But Ogawa ruled that Inoue’s testimony was credible, as it explains the circumstances surrounding the cult at the time and because it supports other testimony by Seiichi Endo, who testified that he was given direct orders by Asahara to produce sarin.

In the June 27, 1994, sarin gas attack in Matsumoto, which killed seven people and injured 144, the judge said Asahara gave orders to four disciples about a week before the attack that they “disperse the gas at the Matsumoto District Court, which is dealing with a case involving Aum, to check its effect.” This information was provided in an earlier investigation by cultist Tomomitsu Niimi, who also faces the gallows.

Turning to the murders of anti-Aum lawyer Tsutsumi Sakamoto, his wife and 1-year old son in Nov. 4, 1989, the judge said Asahara called five cultists a few days beforehand and said, “The biggest problem for the cult is lawyer Sakamoto. . . . He will be a big obstruction for the cult in the future.” This information was provided by followers Kiyohide Hayakawa and Kazuaki Okazaki.

Six cultists entered the lawyer’s residence and strangled or suffocated the family, the court said.

As further proof of his complicity, Ogawa noted that after the murders, Asahara told the cultists involved, “If three are killed, it’s the death penalty. I’m also guilty.”

The judge also commented on Asahara’s control over disciples involved in the eight cases, in which he stood accused of murder and attempted murder of people Aum regarded as enemies, including cultists.

With Asahara remaining silent throughout most of the trial and with Murai, whom the defense claimed to be the orchestrator of many of the attacks, killed by a mobster in a 1995 knife attack in front of reporters, both the defense and prosecution had a difficult time establishing their points, with most proof presented in their closing arguments last year based solely on cultists’ testimony. The defense document ran to 814 pages, while the prosecution provided a 285-page closing argument.

While the prosecutors had determined Asahara to be the mastermind behind all the crimes, calling him “the most vicious criminal in our country’s history,” his lawyers had blamed his disciples for carrying out the attacks by “misunderstanding the doctrines and getting out of control,” as they were furious at society’s criticism of Aum.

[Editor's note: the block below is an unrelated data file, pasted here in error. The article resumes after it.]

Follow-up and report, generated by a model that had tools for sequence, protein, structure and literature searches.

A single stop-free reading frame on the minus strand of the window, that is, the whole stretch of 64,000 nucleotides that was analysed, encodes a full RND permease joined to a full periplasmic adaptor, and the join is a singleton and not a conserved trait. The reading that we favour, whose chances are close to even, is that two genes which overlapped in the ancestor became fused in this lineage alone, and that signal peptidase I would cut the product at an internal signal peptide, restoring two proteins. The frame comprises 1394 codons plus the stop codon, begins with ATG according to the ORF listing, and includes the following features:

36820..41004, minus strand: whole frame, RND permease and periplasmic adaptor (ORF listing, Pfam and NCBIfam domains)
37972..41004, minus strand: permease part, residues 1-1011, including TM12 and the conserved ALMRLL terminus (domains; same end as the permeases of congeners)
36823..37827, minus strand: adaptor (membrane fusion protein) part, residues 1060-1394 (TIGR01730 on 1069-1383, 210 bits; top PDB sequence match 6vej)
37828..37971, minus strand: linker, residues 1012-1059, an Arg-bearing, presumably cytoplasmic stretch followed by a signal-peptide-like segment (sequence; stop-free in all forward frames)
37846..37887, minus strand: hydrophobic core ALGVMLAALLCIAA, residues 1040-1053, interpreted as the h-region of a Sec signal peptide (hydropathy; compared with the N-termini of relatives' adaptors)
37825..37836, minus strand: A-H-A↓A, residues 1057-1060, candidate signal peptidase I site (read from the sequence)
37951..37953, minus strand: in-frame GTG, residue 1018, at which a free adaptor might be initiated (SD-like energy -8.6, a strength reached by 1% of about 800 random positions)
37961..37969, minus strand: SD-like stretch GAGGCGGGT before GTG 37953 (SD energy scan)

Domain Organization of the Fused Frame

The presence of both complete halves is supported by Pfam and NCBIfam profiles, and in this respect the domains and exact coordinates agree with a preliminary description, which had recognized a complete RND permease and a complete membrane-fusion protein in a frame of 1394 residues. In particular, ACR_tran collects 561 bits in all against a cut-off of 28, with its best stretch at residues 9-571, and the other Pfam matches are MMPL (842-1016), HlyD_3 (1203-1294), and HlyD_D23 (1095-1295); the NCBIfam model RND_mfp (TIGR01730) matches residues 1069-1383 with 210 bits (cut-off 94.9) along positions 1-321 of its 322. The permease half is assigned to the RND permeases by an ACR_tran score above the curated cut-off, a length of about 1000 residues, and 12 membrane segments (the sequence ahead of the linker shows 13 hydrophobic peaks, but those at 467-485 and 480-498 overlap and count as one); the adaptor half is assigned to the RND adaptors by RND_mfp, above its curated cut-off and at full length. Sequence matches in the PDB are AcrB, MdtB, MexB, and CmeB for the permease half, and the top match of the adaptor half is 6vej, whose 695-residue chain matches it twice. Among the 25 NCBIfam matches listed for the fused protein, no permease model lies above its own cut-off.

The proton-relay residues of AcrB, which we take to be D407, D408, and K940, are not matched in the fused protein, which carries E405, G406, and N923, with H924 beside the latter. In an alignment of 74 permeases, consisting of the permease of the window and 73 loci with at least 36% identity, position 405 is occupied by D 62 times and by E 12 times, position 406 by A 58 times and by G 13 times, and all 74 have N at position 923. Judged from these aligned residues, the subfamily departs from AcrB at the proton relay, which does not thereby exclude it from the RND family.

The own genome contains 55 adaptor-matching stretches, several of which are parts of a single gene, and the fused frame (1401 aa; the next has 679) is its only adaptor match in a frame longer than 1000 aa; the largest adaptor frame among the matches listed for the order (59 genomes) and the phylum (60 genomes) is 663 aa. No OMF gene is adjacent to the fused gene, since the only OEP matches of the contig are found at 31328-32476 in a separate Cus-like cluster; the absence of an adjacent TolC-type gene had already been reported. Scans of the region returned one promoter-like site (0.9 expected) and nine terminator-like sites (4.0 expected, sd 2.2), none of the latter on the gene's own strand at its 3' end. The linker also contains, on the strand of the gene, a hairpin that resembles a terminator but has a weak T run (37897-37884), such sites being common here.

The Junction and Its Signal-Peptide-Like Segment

Prosecutors had also stated that Asahara ordered each crime solely to protect his authority and satisfy his greed for power, and that the cult has no real religious nature.

But the defense objected strongly to this claim, saying that by completely dismissing the suggestion that Asahara was a great religious leader and fabricating this story, the prosecutors were making it impossible to determine why so many crimes were carried out by the cult.

Fearing a lengthy trial, prosecutors revised the charges against Asahara in January 1998, reducing the number of injured people named in the indictment to 18 from 3,938 for the two sarin attacks, to lessen testimony. For the same reason, they dropped four of the 17 charges against him in October 2000, which were related to the production of illegal drugs such as LSD, amphetamines, mescaline and thiopental.

Although he has not spoken in court for the last five years, Asahara was initially very talkative and was thrown out of the courtroom five times for babbling, sometimes in unintelligible mixtures of English and Japanese.

At a press conference following the trial, Asahara’s defense team criticized Friday’s judgment for leaving a lot of holes in the case.

“Today’s ruling only glazed over the assertions made by the prosecutors. Something without substance was used as its main pillar,” said Osamu Watanabe, head of Asahara’s defense team. As a result, it will be impossible to find out why the crimes occurred, he said.

He cited Murai’s role, which he said was completely ignored, as an example, and said the judge, in the same way as the prosecution, had failed to verify Inoue’s testimony.

“Even (Inoue’s) prosecutors are claiming that he is lying to avoid the death penalty, but the judge completely ignored that again today. The ruling was not persuasive,” he said.

The defense team also stated during the conference that they will resign as Asahara’s counsel after the lower court’s ruling, adding that a private lawyer has already been appointed for Asahara’s appeal.

“I hope the new defense will keep pursuing the questions we have been pursuing,” Watanabe said.